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Document Max. Freq Min. Freq
Richard Hakluyt, The Principal Navigations, Voyages, Traffiques, and Discoveries of the English Nation 236 0 Browse Search
Henry Morton Stanley, Dorothy Stanley, The Autobiography of Sir Henry Morton Stanley 106 0 Browse Search
William A. Smith, DD. President of Randolph-Macon College , and Professor of Moral and Intellectual Philosophy., Lectures on the Philosophy and Practice of Slavery as exhibited in the Institution of Domestic Slavery in the United States: withe Duties of Masters to Slaves. 88 0 Browse Search
Harper's Encyclopedia of United States History (ed. Benson Lossing) 46 0 Browse Search
Knight's Mechanical Encyclopedia (ed. Knight) 38 0 Browse Search
Robert Lewis Dabney, Life and Commands of Lieutenand- General Thomas J. Jackson 30 0 Browse Search
Cornelius Tacitus, The History (ed. Alfred John Church, William Jackson Brodribb) 26 0 Browse Search
Horace Greeley, The American Conflict: A History of the Great Rebellion in the United States of America, 1860-65: its Causes, Incidents, and Results: Intended to exhibit especially its moral and political phases with the drift and progress of American opinion respecting human slavery from 1776 to the close of the War for the Union. Volume I. 24 0 Browse Search
George Bancroft, History of the Colonization of the United States, Vol. 1, 17th edition. 24 0 Browse Search
Sallust, The Jugurthine War (ed. John Selby Watson, Rev. John Selby Watson, M.A.) 24 0 Browse Search
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Browsing named entities in Rebellion Record: a Diary of American Events: Documents and Narratives, Volume 7. (ed. Frank Moore). You can also browse the collection for Africa or search for Africa in all documents.

Your search returned 7 results in 4 document sections:

rmishers, marching in close column by division, with a strong cavalry force on his right flank. Our forces, consisting of the Twenty-third Iowa volunteer infantry and the African brigade, in all one thousand and sixty-one men, opened upon the enemy when within musket-shot range, which made them waver and recoil, a number running in confusion to the rear. The balance pushing on with intrepidity, soon reached the levee, when they were ordered to charge with the cries of No quarter! The African regiments being inexperienced in the use of arms, some of them having been drilled but a few days, and the guns being very inferior, the enemy succeeded in getting upon our works before more than one or two volleys were fired at them. Here ensued a most terrible hand-to-hand conflict of several minutes' duration. Our men using the bayonet freely, and clubbing.their guns with fierce obstinacy, contesting every inch of ground until the enemy succeeded in flanking them, and poured a murder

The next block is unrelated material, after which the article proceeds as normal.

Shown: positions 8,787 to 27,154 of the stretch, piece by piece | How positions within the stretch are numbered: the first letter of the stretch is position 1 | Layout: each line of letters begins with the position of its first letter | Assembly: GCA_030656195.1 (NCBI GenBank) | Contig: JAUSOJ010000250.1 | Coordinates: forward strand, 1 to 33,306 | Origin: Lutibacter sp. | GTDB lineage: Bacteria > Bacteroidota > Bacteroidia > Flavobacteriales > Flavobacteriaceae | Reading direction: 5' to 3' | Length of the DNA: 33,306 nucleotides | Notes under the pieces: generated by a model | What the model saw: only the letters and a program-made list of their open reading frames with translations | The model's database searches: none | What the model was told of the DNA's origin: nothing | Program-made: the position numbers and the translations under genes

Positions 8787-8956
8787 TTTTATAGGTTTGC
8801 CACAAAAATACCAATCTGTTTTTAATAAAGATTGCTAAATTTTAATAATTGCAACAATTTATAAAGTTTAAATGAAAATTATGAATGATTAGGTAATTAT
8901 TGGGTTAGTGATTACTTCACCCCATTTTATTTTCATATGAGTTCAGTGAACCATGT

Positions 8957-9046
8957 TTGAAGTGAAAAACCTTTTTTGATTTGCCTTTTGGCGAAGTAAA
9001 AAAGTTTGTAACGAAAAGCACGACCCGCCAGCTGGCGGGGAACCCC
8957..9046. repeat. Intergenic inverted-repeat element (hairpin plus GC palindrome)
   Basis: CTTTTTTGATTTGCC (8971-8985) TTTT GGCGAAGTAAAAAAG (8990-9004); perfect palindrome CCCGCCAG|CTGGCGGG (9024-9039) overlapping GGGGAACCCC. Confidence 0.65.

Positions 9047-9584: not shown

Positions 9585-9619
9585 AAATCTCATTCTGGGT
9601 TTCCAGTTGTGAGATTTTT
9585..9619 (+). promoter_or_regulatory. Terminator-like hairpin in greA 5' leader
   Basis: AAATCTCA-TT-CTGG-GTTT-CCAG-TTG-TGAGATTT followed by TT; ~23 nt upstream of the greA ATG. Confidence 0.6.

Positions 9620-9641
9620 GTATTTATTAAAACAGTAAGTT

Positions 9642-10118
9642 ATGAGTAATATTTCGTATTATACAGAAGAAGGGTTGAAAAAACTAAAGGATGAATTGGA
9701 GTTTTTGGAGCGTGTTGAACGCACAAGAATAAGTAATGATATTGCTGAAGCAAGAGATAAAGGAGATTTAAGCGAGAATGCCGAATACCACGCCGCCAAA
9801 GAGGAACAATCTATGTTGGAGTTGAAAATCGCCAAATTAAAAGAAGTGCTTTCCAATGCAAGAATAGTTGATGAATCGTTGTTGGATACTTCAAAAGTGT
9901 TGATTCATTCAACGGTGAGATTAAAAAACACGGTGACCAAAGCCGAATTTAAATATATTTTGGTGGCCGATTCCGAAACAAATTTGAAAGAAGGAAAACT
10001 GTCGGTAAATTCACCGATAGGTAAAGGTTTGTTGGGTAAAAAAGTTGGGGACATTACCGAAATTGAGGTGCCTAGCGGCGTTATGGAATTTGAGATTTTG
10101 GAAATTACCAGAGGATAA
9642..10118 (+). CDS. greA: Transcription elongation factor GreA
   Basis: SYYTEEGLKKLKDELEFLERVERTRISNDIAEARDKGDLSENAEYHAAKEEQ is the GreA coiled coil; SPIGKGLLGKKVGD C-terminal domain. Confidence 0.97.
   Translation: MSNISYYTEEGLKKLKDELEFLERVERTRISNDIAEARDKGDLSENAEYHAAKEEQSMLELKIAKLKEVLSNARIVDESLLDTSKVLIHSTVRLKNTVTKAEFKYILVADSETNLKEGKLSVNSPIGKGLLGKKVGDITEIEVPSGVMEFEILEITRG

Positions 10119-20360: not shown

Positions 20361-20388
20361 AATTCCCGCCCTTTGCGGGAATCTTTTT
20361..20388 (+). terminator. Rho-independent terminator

, court-house, jail and clerk's office are all gone. The villains broke open all the houses and stores and took what they wanted, and then poured spirits of turpentine over the floors and applies the torch. It is a sad sight to see the smoking ruins now. The wretches shot the milch cows and calves down in the streets, took some of them on board their vessels, and left the rest lying in the streets, where they still lie. They carried off every negro that was in the place, except one old African woman named Nancy, who told them she was from Africa, and that she would not go again on the big water. After destroying the town, on their way to Dobb's they burned Mr. Morris's plantation buildings. For myself, I feel this calamity severely. You know I have lost heavily since the war commenced; but I had still a good home left. This is now also gone. The value in money I would not have thought so much of, as I am getting used to it; but there is something in the word home that puts
f the coast of Florida, are held by the United States. The insurgents, with the slaves whom they yet hold in defiance of the President's proclamation, are now crowded into the central and southern portions of Virginia, North-Carolina, South-Carolina, Georgia, and Alabama, while the pioneer slaveholding insurgents beyond the Mississippi are cut off from the main force. On the other hand, although it is less than six months since the laws or customs of the United States would allow a man of African descent to bear arms in defence of his country, there are now in the field twenty-two thousand regularly enlisted, armed, and equipped soldiers of that class, while fifty regiments of two thousand each are in process of organization, and sixty-two thousand eight hundred persons of the same class are employed as teamsters, laborers, and camp followers. These facts show that, as the insurrection continues, the unfortunate servile population, which was at the beginning an element of its stren
purpose of continuing the organization into the military service of the United States of all able-bodied male persons of African descent, who may come within our lines, or who may be brought in by our troops, or who may already have placed themselveso to take such measures as may prove most beneficial for the welfare of all women, children, aged and infirm persons of African descent who may have sought refuge within our lines, or who may hereafter do so. In future all able-bodied male negrohat duty, into the military service of the United States, when they will be assigned to regiments composed of persons of African descent now in process of formation or to be formed hereafter. It has become apparent that the system of receiving al All male negroes who are incapacitated by old age, ill health, or in any other respect, from serving in regiments of African descent, will be duly cared for and assigned as heretofore to the nearest camp for such persons. By order of the Secr